Now, because our leadership makes decisions in such a political or social manner (they know no other way), we are losing the knowledge of how to make decisions as a the Body of Christ, internationally. And herein lies the problem of trust and "faith and order" as the other provinces attempt to order their lives when they cannot ignore what the Americans' are doing without much regard for their plight.

Read it all.

It would be highly ironic if Fr. Griffith is correct that those driving the progressive agenda in the Episcopal Church are acting like "Bushy Americans." Because I'll bet that most of those progressive Episcopalians loathe the former President, his administration, and the unilateral foreign policies sanctioned by the "Bush Doctrine."

Tuesday, June 22, 2010

Marriage Rite Exhortation is "A Dumb Prayer Based on Prejudice”

A few years ago I subscribed to the House of Bishops and Deputies email list. Dr. Louie Crew established it back in 1996 to provide a means for bishops and deputies to General Convention to stay in conversation on issues affecting the common life of the Episcopal Church. It is a lively and active forum. On some days, I would receive well over 100 messages in my inbox.

After a few months, I unsubscribed to the email list. Besides the fact that there were simply too many messages to keep up with (who in the world can possibly read and respond to all of this stuff?!), the tone of the exchanges often lapsed into some of the worst forms of incivility imaginable. Spiteful and ad hominem attacks on others were not uncommon, and the theological reasoning used to justify positions was often puddle-deep. It was disheartening to know that these are some of the people who gather every three years at General Convention to make important decisions that affect all Episcopalians and that help chart the direction for our church.

In light of my previous experience with this email list, a recent posting at Stand Firm caught my eye. Greg Griffith has taken the liberty of sharing some recent exchanges on this email list concerning the sacrament of marriage and the marriage rite in The Book of Common Prayer. It makes for depressing reading. I don’t want to rehearse all of it here (and actually, to be fair, there are a couple of comments cited that are quite reasonable and that raise important questions). Nor do I want to get into a debate about the meaning of marriage (perhaps another time and another posting). I do, however, want to cite what one priest on the email list said about the opening exhortation in the marriage rite.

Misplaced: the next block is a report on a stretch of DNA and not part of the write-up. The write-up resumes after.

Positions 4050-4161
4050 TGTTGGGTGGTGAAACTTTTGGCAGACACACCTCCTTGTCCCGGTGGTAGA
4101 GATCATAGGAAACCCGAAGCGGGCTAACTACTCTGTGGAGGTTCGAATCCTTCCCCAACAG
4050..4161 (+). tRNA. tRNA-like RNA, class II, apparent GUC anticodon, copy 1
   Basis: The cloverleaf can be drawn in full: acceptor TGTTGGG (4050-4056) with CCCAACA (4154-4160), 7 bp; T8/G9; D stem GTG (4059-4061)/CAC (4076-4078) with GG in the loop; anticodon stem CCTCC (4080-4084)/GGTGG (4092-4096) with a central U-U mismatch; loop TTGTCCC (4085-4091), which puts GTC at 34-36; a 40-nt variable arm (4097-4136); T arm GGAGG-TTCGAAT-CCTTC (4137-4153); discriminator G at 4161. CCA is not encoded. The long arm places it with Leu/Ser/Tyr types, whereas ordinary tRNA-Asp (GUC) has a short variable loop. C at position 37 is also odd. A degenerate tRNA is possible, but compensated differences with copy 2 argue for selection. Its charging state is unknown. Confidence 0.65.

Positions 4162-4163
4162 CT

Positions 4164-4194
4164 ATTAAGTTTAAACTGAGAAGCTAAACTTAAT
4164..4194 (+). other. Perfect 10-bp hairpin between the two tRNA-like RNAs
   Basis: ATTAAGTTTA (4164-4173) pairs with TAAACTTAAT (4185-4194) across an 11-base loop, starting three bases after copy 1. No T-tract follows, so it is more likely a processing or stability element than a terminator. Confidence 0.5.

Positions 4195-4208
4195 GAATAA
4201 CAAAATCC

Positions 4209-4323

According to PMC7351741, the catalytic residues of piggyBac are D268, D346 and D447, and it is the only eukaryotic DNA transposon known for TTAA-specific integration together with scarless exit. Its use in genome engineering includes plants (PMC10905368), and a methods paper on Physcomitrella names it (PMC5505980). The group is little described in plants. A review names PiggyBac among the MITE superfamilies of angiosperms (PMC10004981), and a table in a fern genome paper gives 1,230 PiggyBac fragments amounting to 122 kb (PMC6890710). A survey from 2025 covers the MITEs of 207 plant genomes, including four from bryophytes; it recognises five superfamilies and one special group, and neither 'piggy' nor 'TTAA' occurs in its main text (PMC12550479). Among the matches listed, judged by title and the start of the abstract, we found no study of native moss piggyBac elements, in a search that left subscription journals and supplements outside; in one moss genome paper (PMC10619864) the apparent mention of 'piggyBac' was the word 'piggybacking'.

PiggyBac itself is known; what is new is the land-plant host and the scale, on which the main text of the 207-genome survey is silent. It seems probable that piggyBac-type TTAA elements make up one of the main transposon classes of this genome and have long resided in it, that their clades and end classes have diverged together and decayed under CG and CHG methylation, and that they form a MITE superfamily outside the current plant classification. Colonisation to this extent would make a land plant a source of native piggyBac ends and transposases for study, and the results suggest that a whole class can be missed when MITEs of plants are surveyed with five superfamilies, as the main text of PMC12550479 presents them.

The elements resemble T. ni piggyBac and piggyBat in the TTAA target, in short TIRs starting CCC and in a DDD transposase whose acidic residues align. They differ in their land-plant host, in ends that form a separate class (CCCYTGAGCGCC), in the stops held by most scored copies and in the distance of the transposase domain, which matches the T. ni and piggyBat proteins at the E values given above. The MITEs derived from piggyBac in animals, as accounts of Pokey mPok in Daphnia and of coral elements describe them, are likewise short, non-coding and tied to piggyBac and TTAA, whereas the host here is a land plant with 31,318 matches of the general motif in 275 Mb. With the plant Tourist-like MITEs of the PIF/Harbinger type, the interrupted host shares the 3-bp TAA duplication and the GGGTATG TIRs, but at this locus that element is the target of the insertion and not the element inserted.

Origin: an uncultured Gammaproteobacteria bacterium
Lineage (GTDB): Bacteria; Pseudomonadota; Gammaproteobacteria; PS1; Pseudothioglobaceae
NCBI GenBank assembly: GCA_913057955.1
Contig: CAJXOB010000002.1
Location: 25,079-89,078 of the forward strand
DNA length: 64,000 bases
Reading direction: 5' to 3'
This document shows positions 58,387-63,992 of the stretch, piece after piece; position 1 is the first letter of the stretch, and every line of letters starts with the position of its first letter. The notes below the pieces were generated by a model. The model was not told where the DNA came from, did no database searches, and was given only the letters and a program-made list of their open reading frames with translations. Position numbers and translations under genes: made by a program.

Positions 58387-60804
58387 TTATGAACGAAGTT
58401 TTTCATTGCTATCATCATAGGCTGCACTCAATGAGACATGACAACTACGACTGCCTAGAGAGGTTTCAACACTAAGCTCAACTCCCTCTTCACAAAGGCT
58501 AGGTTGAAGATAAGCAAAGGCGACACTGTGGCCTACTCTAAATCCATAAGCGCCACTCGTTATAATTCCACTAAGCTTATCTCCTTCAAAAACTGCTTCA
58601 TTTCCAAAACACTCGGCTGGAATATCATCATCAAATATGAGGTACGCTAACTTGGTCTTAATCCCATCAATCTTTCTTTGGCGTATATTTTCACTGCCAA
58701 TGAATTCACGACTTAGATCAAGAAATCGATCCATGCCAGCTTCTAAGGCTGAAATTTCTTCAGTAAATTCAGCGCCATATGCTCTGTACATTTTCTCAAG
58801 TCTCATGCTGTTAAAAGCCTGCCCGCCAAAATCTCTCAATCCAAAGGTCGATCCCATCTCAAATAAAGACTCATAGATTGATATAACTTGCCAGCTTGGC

But first, here’s what that exhortation from The Book of Common Prayer actually says:

Dearly beloved: We have come together in the presence of God to witness and bless the joining together of this man and this woman in Holy Matrimony. The bond and covenant of marriage was established by God in creation, and our Lord Jesus Christ adorned this manner of life by his presence and first miracle at a wedding in Cana of Galilee. It signifies to us the mystery of the union between Christ and his Church, and Holy Scripture commends it to be honored among all people.

The union of husband and wife in heart, body, and mind is intended by God for their mutual joy; for the help and comfort given one another in prosperity and adversity; and, when it is God’s will, for the procreation of children and their nurture in the knowledge and love of the Lord. Therefore marriage is not to be entered into unadvisedly or lightly, but reverently, deliberately, and in accordance with the purposes for which it was instituted by God (BCP, p. 423).

Now here’s what an Episcopal priest who also serves as a deputy to General Convention has to say about this opening exhortation:

It is a dumb prayer that is based on prejudice not Bible IMO – God did not establish a bond and covenant or marriage in Creation. The story has nothing to do with marriage – it has to do with procreation – which we no longer support with abandon. As to Jesus attending a wedding as a basis for holding marriage in esteem – also not much of a reason. I hope someday we have an opening to the marriage ceremony that is not so laughable.

Wow, what a sweeping, dismissive judgment to make! And it’s a particularly serious judgment to make for someone who, as an ordained person, has solemnly vowed on two separate occasions to conform to the doctrine, discipline, and worship of the Episcopal Church – doctrine, discipline, and worship which is here openly scorned as “dumb,” prejudiced, and “laughable.” It seems to me that if this priest is right, then no ordained person with any self-respect should stand in front of God and a gathered assembly and say these words.

So what’s this priest’s warrant for making such claims about the opening exhortation to the marriage rite?

IMO.”

Personal opinion!!!

Never mind the authority of scripture or tradition. Never mind the doctrine, discipline, and worship of the Prayer Book to which one has vowed to conform. Personal opinion trumps all.